But here’s something tough to think about. If you suffer from performance anxiety, then consider the physiological ramifications down the road. Perhaps it’s time to take a moment to think about what makes you nervous, how nervous you get, and if there are ways to reduce anxiety. Or even stop doing the things that cause it. Everyone feels a little nervous on stage, but maybe it’s not right to be really nervous night after night. Maybe there are alternative ways to engage in your art.

A robot walks into a bar…

Hey musicians,

How’s that day job? Well, it looks like the job market is going to continually get scarcer out there. Most musicians have a day job, and so this is not good news. It seems music isn’t the only thing going digital–so is everything else:  Robots are taking all the jobs.

This is a thought provoking article about how most jobs are becoming obsolete, due to automation.  They predict that income disparity will continue to spread, as blue collar jobs are replaced by machines and software, and white collar jobs will get whittled away. And the article describes how we will eventually move into a post-job economy, where there are almost no jobs where you are working for someone. But in the current economic system, the only way to patch up the problem is by continually expanding welfare–or change the economic system.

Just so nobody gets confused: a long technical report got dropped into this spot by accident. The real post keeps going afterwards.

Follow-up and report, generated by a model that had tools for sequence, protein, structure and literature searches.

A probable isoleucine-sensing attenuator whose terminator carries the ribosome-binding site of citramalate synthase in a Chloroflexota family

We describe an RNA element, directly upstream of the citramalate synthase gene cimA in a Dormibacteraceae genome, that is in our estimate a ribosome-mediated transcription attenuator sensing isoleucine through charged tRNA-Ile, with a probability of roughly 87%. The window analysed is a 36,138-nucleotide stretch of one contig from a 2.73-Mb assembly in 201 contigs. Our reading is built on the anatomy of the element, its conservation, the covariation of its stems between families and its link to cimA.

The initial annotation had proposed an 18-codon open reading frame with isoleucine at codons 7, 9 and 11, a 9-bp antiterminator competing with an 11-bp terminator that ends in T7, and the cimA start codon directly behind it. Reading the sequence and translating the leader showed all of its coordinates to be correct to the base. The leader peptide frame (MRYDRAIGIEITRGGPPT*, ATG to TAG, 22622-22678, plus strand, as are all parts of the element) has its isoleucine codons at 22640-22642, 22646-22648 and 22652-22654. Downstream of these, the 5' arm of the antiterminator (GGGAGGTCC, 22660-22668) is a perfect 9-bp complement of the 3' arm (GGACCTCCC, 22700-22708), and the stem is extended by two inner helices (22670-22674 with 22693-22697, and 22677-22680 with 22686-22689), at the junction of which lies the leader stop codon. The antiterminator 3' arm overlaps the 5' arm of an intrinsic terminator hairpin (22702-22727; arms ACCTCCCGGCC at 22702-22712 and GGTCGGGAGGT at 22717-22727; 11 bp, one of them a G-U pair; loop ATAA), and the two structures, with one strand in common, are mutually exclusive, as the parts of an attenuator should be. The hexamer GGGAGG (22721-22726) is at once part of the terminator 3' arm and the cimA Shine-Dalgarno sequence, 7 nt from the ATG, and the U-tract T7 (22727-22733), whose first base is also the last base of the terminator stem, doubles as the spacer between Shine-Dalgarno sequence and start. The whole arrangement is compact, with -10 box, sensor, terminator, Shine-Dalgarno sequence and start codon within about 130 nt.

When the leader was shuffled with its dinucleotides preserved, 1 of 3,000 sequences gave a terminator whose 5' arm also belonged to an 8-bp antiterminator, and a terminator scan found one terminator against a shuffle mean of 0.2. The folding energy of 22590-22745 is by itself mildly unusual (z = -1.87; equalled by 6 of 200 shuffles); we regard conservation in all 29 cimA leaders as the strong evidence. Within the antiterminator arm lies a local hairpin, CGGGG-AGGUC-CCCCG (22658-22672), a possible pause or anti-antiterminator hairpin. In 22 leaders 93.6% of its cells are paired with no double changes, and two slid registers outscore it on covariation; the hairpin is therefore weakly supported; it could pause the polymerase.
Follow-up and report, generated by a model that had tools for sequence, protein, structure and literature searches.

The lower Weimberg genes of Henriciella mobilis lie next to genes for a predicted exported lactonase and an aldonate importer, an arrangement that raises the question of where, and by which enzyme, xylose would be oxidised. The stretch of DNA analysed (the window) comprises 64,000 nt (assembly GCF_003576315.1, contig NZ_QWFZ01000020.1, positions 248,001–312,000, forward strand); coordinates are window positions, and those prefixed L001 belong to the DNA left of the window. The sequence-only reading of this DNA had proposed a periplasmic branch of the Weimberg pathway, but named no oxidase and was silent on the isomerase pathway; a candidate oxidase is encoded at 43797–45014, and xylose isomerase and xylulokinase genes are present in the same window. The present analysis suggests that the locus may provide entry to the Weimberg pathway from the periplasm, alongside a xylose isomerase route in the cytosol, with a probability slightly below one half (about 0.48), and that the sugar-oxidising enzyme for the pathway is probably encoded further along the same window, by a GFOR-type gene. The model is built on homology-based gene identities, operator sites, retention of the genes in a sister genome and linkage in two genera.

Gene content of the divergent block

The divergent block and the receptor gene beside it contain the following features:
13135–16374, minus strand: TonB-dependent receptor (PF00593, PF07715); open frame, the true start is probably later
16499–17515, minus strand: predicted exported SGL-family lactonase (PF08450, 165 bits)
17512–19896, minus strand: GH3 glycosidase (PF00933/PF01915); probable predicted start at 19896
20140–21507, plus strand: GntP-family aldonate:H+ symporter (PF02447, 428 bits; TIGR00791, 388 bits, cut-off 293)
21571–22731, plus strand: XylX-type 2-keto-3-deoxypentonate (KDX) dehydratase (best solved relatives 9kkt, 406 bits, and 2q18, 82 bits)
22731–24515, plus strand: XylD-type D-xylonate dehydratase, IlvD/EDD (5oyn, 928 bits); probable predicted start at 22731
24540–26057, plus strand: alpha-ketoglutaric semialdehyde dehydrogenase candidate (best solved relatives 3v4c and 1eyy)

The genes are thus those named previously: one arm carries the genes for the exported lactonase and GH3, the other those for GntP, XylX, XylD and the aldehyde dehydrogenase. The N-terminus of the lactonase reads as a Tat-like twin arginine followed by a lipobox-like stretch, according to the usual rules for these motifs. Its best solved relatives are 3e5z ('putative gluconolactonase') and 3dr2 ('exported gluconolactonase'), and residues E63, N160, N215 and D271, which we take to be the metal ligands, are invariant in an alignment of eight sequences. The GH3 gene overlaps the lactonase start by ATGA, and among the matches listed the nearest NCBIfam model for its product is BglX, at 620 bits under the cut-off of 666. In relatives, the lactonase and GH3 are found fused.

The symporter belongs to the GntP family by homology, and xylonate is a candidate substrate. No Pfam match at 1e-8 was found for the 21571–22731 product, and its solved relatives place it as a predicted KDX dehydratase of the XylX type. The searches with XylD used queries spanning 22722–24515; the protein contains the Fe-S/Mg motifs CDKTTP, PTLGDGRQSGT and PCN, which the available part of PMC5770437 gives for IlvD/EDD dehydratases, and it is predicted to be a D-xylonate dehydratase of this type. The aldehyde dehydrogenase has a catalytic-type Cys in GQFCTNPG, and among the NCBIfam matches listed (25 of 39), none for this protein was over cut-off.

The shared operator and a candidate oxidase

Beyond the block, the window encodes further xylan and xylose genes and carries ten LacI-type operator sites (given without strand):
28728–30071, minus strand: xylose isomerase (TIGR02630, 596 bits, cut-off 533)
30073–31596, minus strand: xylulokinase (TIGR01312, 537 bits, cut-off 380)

But, the only jobs that aren’t going away right now are tech jobs. So consider going into tech. You can be a system administrator, or you can be an A/V expert, or perhaps go into development or data warehousing or web development. Or you can go into marketing, or sales. Tech doesn’t mean you have to know how to code. And as a vendor, as opposed to a “permanent” employee, you still have a certain amount of freedom to pursue music. But beware: you still have to stay current in all the latest technologies. But you can do it. Go to IT Tech or something. I know you already geek out over instrument specs, and you may even geek out about the music business. And you will practice the same riff over and over, and you may even be able to read music. So you have it in you to geek out, learn new things, and understand abstract logical and mathematical theory–if you want to.

Then you can keep playing music, because it may not pay much but it does involve real breathing living feeling people.

And help me with a punchline to the joke in the title. :)

Trying to find a mentor